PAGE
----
IBA E-News 3-15-19
STATE GOVERNMENT RELATIONS
Emerging Leaders Converge on the Indiana Statehouse
This week nearly 70 bankers from 30 member banks joined together for the 2019 IBA Future Leadership Division Day at the Statehouse. The day focused on grassroots advocacy and networking. Attendees enjoyed the opportunity to visit the House and Senate chambers for group meetings with state lawmakers and hear from Indiana banking leaders on the importance of grassroots advocacy and its benefits. Thanks to the all who participated! Find out more about IBA’s Future Leadership Division and consider becoming a member. For more information, contact Josh Myers.
This week marked the second week of the second half of the 2019 legislative session. Action at the Statehouse is slowly starting to pick up and should continue to do so throughout the remainder of session. The biggest issues of 2019 likely won’t be heard for another week or two. The legislature usually leaves the most contentious issues to be dealt with last, which makes for a great deal of excitement toward the final weeks of committee hearings. The first banking industry-specific bill will be heard next week when the Senate Insurance and Financial Institutions Committee hears House Bill 1136 – Uniform Consumer Credit Code – kickstarting the second half of session for our industry.
Below are a few bills being monitored by the IBA GR Team.
Senate Bill 265 – Various Trust Matters
Author: Sen. Randy Head, R-Logansport
House sponsor: Rep. Gregory Steuerwald, R-Danville
Summary: Defines "designated representative", "judicial proceeding", and "nonjudicial matter" for purposes of the trust code. Authorizes the establishment of legacy trusts. Prescribes the procedures for establishing a legacy trust and requirements for claims under a legacy trust. Provides that a court shall exercise jurisdiction over a legacy trust or a qualified disposition and adjudicate a case or controversy regarding the legacy trust, if the case or controversy is within the subject matter of the court. Adopts the uniform directed trust act, which allows for the terms of a trust to grant a person other than a trustee power over some aspect of the trust's administration. Provides that current law regarding the duties and liabilities of a trustee of a trust under the control of a third person applies to directions given to a trustee before July 1, 2019, by a person who has power under the terms of the trust to direct the trustee. Allows for the use of quiet trusts. Provides that an interested person may enter into a binding nonjudicial settlement agreement with respect to trust matters. Provides for nonjudicial account settlements.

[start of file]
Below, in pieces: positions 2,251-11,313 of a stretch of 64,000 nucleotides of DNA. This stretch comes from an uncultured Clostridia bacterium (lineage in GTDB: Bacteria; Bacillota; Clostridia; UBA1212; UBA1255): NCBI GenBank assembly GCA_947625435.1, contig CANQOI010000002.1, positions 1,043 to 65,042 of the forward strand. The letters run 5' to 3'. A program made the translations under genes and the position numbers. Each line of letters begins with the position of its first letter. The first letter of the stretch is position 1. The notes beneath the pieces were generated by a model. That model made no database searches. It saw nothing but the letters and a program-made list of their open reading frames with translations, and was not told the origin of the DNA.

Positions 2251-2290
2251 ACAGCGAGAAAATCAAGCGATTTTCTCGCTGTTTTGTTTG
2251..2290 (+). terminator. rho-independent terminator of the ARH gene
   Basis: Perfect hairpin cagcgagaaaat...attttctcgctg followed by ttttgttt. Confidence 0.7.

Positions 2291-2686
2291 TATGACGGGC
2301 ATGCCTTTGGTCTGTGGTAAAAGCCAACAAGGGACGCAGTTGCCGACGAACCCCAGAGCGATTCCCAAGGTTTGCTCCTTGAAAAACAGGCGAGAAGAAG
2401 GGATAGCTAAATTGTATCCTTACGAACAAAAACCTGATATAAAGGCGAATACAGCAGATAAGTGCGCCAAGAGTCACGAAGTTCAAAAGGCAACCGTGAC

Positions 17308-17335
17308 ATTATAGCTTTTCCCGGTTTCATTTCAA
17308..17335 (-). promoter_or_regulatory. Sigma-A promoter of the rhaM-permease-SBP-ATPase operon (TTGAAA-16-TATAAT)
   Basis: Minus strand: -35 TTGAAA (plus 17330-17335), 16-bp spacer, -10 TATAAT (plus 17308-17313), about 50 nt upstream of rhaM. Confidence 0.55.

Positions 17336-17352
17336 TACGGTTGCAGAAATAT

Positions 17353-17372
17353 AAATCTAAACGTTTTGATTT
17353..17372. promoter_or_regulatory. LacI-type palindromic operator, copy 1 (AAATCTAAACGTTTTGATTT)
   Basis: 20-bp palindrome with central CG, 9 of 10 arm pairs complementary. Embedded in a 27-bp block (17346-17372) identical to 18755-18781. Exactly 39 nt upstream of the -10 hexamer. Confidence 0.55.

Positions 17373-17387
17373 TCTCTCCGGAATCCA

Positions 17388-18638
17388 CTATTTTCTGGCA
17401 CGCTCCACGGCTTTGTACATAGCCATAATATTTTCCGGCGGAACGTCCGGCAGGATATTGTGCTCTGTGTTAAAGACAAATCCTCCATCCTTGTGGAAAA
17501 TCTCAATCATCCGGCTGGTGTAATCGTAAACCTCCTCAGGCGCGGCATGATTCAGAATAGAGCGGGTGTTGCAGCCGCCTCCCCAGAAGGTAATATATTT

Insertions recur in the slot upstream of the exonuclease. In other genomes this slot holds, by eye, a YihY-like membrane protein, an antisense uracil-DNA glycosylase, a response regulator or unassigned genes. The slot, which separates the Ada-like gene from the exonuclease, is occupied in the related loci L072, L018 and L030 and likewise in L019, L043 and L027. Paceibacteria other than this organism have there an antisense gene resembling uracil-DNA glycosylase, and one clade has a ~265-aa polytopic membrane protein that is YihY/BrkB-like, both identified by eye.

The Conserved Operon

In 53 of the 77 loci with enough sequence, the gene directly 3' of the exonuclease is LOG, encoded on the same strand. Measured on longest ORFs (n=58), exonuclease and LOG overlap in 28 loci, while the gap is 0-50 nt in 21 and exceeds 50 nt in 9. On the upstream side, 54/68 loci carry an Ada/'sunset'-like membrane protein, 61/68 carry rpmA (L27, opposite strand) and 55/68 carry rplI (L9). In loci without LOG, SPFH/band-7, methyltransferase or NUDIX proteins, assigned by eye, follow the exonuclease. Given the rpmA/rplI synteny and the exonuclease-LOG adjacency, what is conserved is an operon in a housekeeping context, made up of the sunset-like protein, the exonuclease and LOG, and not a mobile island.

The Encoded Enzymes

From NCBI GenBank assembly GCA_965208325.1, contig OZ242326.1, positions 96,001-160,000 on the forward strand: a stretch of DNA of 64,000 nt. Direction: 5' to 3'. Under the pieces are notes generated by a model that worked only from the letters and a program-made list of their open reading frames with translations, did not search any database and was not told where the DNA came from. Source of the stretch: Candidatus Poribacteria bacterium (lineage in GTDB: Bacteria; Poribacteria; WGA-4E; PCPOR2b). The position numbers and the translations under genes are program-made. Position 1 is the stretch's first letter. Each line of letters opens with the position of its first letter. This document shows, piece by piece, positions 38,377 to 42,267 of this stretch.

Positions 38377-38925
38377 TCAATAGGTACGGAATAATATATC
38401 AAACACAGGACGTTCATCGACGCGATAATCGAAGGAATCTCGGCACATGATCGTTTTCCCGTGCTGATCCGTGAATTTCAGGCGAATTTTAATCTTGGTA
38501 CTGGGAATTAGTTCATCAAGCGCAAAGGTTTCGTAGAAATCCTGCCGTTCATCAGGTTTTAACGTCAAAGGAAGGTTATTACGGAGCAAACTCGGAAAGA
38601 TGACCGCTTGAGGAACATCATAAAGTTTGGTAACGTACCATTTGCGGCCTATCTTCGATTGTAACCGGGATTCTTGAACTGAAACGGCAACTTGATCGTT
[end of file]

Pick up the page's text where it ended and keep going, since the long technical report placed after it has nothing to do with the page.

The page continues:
Latest action: The bill was heard Monday in the House Judiciary Committee, but was held for a vote for a future meeting while further amendments to the bill are constructed.
House Bill 1330 – Disposal of Abandoned or Derelict Aircraft
Author: Rep. Mike Speedy, R-Indianapolis
Senate sponsors: Sen. Blake Doriot, R-Syracuse; Sen. Mike Bohacek, R-Michigan City
Summary: Disposal of abandoned or derelict aircraft. Specifies that a "person" includes a political subdivision for purposes of the statute concerning liens for the repair, storage, servicing, or furnishing of supplies for certain motor vehicles, airplanes, machinery, and equipment. Establishes a procedure for the disposal and removal of an abandoned aircraft or a derelict aircraft from the premises of: (1) a public-use airport; or (2) a fixed-base operator at a public-use airport.
Latest action: The bill was heard Tuesday in the Senate Homeland Security and Transportation Committee, but was held for a vote for a future meeting.
House Bill 1473 – Indiana Bond Bank
Author: Rep. Gregory Steuerwald, R-Avon
Senate sponsors: Sen. Randy Head, R-Logansport; Sen. Travis Holdman, R-Markle; Sen. Greg Taylor, R-Indianapolis